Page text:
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Lethbridge Herald Newspaper Archives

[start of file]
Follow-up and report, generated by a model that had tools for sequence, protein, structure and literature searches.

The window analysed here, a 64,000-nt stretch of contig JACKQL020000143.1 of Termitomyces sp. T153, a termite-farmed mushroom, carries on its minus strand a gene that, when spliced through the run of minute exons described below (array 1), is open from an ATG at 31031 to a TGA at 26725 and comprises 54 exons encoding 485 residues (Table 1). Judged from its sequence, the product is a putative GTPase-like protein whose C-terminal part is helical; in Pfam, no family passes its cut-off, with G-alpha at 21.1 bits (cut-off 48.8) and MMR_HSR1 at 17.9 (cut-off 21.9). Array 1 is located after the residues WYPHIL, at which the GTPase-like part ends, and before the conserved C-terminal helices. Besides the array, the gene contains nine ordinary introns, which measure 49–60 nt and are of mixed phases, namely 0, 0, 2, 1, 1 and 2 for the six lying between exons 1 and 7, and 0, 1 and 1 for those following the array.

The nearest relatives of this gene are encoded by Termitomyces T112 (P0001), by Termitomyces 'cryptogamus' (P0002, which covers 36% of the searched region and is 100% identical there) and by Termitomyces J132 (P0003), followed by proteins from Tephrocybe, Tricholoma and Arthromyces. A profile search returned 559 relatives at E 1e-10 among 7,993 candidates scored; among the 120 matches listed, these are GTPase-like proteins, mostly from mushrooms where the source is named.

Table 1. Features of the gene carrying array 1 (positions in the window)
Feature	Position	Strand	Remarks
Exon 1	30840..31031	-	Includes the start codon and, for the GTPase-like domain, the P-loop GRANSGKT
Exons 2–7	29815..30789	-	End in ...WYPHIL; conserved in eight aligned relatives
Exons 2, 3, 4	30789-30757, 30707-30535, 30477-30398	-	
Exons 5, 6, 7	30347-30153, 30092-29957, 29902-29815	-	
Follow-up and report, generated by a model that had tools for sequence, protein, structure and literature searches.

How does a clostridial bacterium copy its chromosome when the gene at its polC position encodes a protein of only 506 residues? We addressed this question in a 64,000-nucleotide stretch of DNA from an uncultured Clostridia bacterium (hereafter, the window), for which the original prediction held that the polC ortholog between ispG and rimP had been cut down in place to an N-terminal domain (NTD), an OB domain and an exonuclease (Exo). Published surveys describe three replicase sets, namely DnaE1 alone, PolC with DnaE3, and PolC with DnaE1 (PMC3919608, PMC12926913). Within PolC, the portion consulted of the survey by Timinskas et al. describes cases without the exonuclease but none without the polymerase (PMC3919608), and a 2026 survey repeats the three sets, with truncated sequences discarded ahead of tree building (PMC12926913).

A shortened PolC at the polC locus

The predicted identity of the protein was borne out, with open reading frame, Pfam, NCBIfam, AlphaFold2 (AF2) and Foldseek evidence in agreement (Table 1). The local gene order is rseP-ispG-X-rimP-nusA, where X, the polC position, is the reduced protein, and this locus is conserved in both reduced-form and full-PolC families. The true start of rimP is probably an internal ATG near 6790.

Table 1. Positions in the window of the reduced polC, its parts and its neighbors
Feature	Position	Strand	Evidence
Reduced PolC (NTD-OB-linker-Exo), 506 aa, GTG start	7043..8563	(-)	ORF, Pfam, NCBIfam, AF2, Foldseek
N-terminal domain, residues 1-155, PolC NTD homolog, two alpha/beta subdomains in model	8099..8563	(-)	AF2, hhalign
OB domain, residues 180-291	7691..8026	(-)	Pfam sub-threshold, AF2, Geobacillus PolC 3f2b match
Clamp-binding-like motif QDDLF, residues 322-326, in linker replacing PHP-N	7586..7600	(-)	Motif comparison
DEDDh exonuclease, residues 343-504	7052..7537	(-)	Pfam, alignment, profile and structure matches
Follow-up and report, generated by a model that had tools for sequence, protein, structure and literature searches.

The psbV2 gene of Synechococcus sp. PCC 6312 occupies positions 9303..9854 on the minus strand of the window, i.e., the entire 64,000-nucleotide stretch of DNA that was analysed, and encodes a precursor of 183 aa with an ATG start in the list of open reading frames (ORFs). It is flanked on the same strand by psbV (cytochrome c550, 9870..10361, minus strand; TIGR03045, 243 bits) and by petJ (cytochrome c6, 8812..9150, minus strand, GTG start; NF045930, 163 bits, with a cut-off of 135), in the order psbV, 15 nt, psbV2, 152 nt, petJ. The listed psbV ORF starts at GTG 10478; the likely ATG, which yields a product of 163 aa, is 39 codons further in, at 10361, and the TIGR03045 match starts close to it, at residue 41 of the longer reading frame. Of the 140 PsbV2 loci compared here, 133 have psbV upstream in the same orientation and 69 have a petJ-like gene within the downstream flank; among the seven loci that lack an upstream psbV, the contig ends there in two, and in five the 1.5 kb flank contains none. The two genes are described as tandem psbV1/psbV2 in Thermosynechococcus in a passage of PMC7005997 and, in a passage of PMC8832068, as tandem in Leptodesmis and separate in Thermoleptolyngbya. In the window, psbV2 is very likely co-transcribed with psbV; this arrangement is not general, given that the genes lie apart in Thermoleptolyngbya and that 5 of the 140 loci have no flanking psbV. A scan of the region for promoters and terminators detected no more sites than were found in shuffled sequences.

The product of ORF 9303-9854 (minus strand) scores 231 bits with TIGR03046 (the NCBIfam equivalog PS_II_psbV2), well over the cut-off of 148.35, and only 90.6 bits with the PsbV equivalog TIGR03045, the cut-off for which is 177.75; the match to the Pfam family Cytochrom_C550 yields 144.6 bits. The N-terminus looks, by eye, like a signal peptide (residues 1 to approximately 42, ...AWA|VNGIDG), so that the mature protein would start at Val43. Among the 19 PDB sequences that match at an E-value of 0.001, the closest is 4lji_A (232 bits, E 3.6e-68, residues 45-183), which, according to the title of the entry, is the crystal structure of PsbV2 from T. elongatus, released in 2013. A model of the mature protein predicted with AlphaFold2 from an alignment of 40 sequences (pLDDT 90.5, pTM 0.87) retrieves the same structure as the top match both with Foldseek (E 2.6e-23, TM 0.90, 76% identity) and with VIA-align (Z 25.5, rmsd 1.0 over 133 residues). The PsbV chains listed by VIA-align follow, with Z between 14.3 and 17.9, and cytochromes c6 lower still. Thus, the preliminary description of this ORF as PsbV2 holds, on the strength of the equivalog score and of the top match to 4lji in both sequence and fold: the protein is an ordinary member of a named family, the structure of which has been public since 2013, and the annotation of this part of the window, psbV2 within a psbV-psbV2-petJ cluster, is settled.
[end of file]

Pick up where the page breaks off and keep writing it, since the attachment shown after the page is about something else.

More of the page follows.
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Lethbridge Herald, The (Newspaper) - April 7, 1973, Lethbridge, Alberta 4 THE LETHBRIDGE HERALD Saturday, April i9. 3 Park priority Lethbridge city council in deter- mining land utilization priorities must consider three objectives the reven- ue a plot will produce, its maximum usage or the enjoyment it will offer. City councils throughout North Amer- ica, comprised of individuals of var- ious views are wrestling with these three choices in the face of pressing expansion. In Lethbridge the council has ap- proved a splendid downtown develop- ment scheme geared to bring, along with new business premises, a re- freshing face-lifting to an otherwise drab, somewhat run-down section. It has also approved the construction of a modern library and a 75-unit senior citizen's housing project (prob- ably a high rise) on the four acre former Central School site. Both struc- tures will require adequate off-street parking. These developments will all be in concrete but what about a green area? City manager Tom Nutting's view that the four acre former Central School site is too valuable for park use is disturbing. If so the suggested provincial government building to be sited between the senior citizen's com- plex and the library would rob the downtown area of a possible minia- ture park graced with greenery, trees and flowers a place of quietness in a throbbing business area- The Gait Gardens between First and Third avenues in the northwest downtown section is a treed 9.7 acre plot offering cool relaxation. In spring summer and fall the lush, manicured lawns, the shade and quietness of the leafy area offers welcome respite from the busyness and heat of the asphalt and pavement. The Gardens cover more than twice the area of the site in question, already committed to house a library and large housing complex. To crowd it further with government offices appears to be a secondary use of valuable land. Offices can be erected within business sections. Parks can only be fashioned on land devoid of concrete. Many cities, learning this lesson too late, are levelling built-up areas in order to sow a little grass. Here in Southern Alberta where the landscape offers little relief and trees and greenery are at a premium it is welcome refreshment to find a tree-lined street, a shady backyard or a miniature park. Alderman Vera Ferguson's sugges- tion for a park between the senior citizen's home and the library is a good one- Seventy-five units (with a second similar downtown development already under study) represents a lot of elderly people with a lot of lei- sure time. A park on this site would be precious. Land can never be too valuable for park construction. Creating a green spot would be utilizing it to its highest use. A helpful translation Because diplomatic language often seems obscure, and officially sanitiz- ed news releases even more so, and because journalistic jargon is fre- quently so condensed that it cannot be precise, there are bound to be occasions when even the most straight-forward seeming news story is less than fully comprehensible. To wit A news despatch from Washing- ton, based on an official release from a Pentagon information office, was received recently via the New York Times News Service, as many them are. It quoted a very highly placed official as saying that at the Paris peace talks (to use the popu- lar whimsy) it had been clearly un- derstood, particularly by North Vietnam, that the U.S. would be en- irely free to bomb Cambodia and 'MM until terms of a ceasefire af- fecting those countries could be agreed upon. Moreover, when the whole sorry business was being ttreshed out In Paris, Hanoi's chief negotiator had not really disputed fills understanding of U.S. entitle- Weekend Meditation ment to "continue military activity in those countries." The dispatch continued with the following authentication, which is quoted directly: "This historical footnote to the Vietnam negotiations was provided by the official in a private interview to justify the ad- ministration's contention that the continued bombing of Cambodia had been legitimized." And as Laos is in much the same position, insofar as being bombed is concerned, continued bombing of Laos could be taken as having been similarly legitimized. This news, having been subjected to much journalistic contraction and expansion since issuing from its dip- lomatic source, may need some careful interpretation if it is to be seen in proper legal, political and humane perspectives. So here is a carefully decoded, thoroughly clari- fied, fully guaranteed translation: As long as at least one neighbor- ing country "fully understands" what you are doing, you may bomb hell out of any country that lacks the air defences to stop you. Fellowship in a world of liate The Apostle Paul continually returns to the theme of fellowship and unity although tine world of his day contained as much and class hatred as that of today. Greeks thought the rest of the world bar- Mrians, Romans despised everyone else, and evey race thought itself superior to others. Paul speaks of a new unity where- in "there is neither Jew nor Greek, there s neither slave nor free, there's neither mate nor female: for you are afl one ia 3mst Jesus." He contends that there is "one Lord, one faith, baptisa, one God and Father of aH." Some time ago in a Washington church three applicants came to the front and ffesented themselves for membership. One was a laborer, another a Chinese and the third was Chief Justice Hughes. The min- uter remarked, "Thank GwL at the foot of the cross the ground is level" Or, as Duke of Wellington said to a man who made way for him at communion, are all equal here." John records the words of Jesus in chap- ter M of his Gospel, "And other sheep I nave, which are not of this fold; I must mag them also, and they will heed my voice, so there shall be one flock, one shepherd." Tbe Aurthorized Version says, "There shall be one fold and one shep- wrd." The more accurate translatxm ctf he Revised Version says. "OTIC flock, one shepherd." On the translation of "one old" some churches that Jesus meant only one ecclesiastical organ- zalkm and theirs was the true and only ;burch. This is wrong speaks of a uwty which is not but Ibe unity of love for God loyally and to.r for God, true religion. So Peter found in the Roman Centurion Cornelius, a blood brother. Nothing is harder to break down than race and class prejudice, yet nothing is doing more damage or causing more suf- fering, nothing at alL Diversity is essen- tial in any healthy society, but division is unhealthy. Differences in sex are essential to the existence of human life. Differences in cultures are enriching to civilizations. But hostility is destructive and stupid. If only it were possible to follow tbe slogan, "In faith, unity; in opinion, liberty; in ail things, But even with such a sto- gan one must be careful, since no cfaurch has a monopoly on tbe truth. The unity to be sought is "the unify of the Spirit in the bond of peace." A new spirit must grip mankind if the nations are Tot to go down the slope with ever accelerating pace to Armageddon, the hatreds of the Middle East are not dissolved, if Russian and Westerners continue to distrust and plot to destroy one another, if the color problem continues to creates vast social chasms, and if the rich and powerful keep oppressing the poor in Latin America, an awful fatalism must grip the human race. The need injs Lent i> for a new dedica- tion to unity. And harftn, Lwd, thai perfect day When pajn and dclh shall cease, And Thy Just rule shall fill the earUi With health and light and peace, Whenever blue the sky slhaffl gleam, And eicr the vrf, Aw] rii'Ir vwlv deface rm mir The Paradise of God. (Charles Kingstey') F.S.M. "Aren't they just supposed to sell little souvenir Different political styles By Peter Desbarats, Toronto Star commentator OTTAWA The five months since the election have been a time of maximum frustration for Robert Stanfield. For a few hours last October 31, it almost looked as if the reins of power were within his reach. But a margin of two seats in the commons, perhaps only a few hundred votes, en- abled the Trudeau government to regain the initiative. Since then the Opposition has been forced to respond to the gov- ernment within a narrow range of options. For a time, Stanfield had no choice but to make every effort to bring about a defeat in the house on the assumption that the Conservatives would be asked to form a government. Without NDP support, his at- tempts were destined to fail. This brought criticism from both sides. Some said that he continued to lack an instinct for the jugular in political battle. Others accused him of showing an incongruous lust for power that was eroding his' solid if lacklustre political image. The Conservatives are now in the process of testing these re- actions, and political sentiment in general, in a national sur- vey of public opinion. This is the first national poll commis- sioned by the party since the election, although the federal party did piggyback a few ques- tions on a poll undertaken for Ontario Conservatives shortly after the federal election. Stanfield himself is too sea- soned a politician to quarrel with events. But he hasn't been able to avoid the temptation to wonder what might have hap- pened if he had won a few ex- tra seats. This line of specula- tion brings him closer to an out- burst of frustration than any other. It is now clear that economic conditions this year would have enabled Stanfield, as prime minister, to implement the vote- getting aspects of his econom- ic campaign platform without any trouble. Powered by a bouyant economy, a Stanfield government would have been able to take off in grand style. Instead, Stanfield has been forced to eat the Liberals' dust as the government has imple- mented the most suitable parts of his own election platform. Stanfield doesn't dispute the po- litical effectiveness of this tac- tic but he feels that it shows an almost total lack of principle on the part of the prime min- ister and Finance Minister Turner. The anger that he can express against these two indiv- iduals, in private, would sur- prise those who know him only through television. Stan-field's inability to exploit the momentum generated by his campaign last fall has rais- ed questions about his political future. If Turner wins the par- liamentary battle of the corpor- ate tax cuts, these questions will become more insistent. The party will have to decide wheth- er sticking with Stanfield is a better tactic than changing leaders at a time when both minority Liberal government and the NDP are in a position to bring about an election. The position of those who would rather switch than fight again under Stanfield is strengthened by the presence of a number of obvious successors at the provincial level. Stanfield's inability to bring down the minority government, and public concentration on the tactics of the battle, con- cealed his success in creating a distinctive opposition group in the Commons. It is one of the basic tenets of political folklore .in Canada that there is no real difference between the two major parties. This might be fairly accurate applied to the official pro- grams of each party. But any- one familiar with the Ottawa scene knows that, here at least, there are great differences of style, atmosphere and character between the two major parties which reveal meaningful differ- ences in their histories, their self-images and their concepts of Canada. It starts right at the top. The description that colleagues nev- er fail to attribute to the prime minister is "methodical." His desire for order is illustrated by the fact that, in addition to his official files, he keeps a fairly elaborate set of personal files in his own office in a cab- inet that his secretaries never touch. "I almost fell over the first time I saw the prime minister doing his own one of his colleagues recalled, "but he has a passion for having things in order." This characteristic was evi- dent in Trudeau's choice of for- mer Labor Minister Martin O'- Connell as his principal secre- tary. Among the negative des- criptions of O'Connell by peo- ple who have come into con- tact with him in the new post are "Picayune" and "dilatory." In physical appearance, the quiet, unassuming O'Connell is in constrast to the man select- ed by Stanfield as his "chief of staff" after the election, Fin- lay MacDonald. The tall, silver- haired, Halifax broadcaster and businessman has completely re- organized Stanfield's Ottawa staff since October white contin- uing to present himself, par- ticularly to journalists, as an amateur dabbler in politics. The atmosphere at the top of each party is reflected in the caucus. The Liberals function in Parliament like a well-tuned machine. The Conservatives are more individualistic. The most striking illustration of this dur- ing the current session was on first reading of a private mem- ber's bill on abortion. The Lib- erals trooped out of the house in a body, decided on their stand and returned to vote as one man. The Conservatives milled about in apparent con- fusion and voted in all differ- ent directions, letting everyone see the kind of internal divi- sions that the Liberals keep to themselves. One of Stanfield's achieve- ments has been to maintain es- sential unity in his group with- out stiffing the disparate inter- ests that are represented in it. This has kept the party alive and interesting despite the frus- trations of its position in Parlia- ment India needs a rat-catcher MADRAS Mis. Indira Gan- dhi envisages the complete eii- mimnation of wholesalers in the food grain trade all over India. Procurement by government and cooperatives will be at uni- form prices and cooperatives wiU distribute the grain. The objective is. of course, laudable, bat the first benefici- aries are likely to be rats. They may well find getting into jerry built government go- downs easier than Wto well- maintained private warehouses. Ra1s arc a bane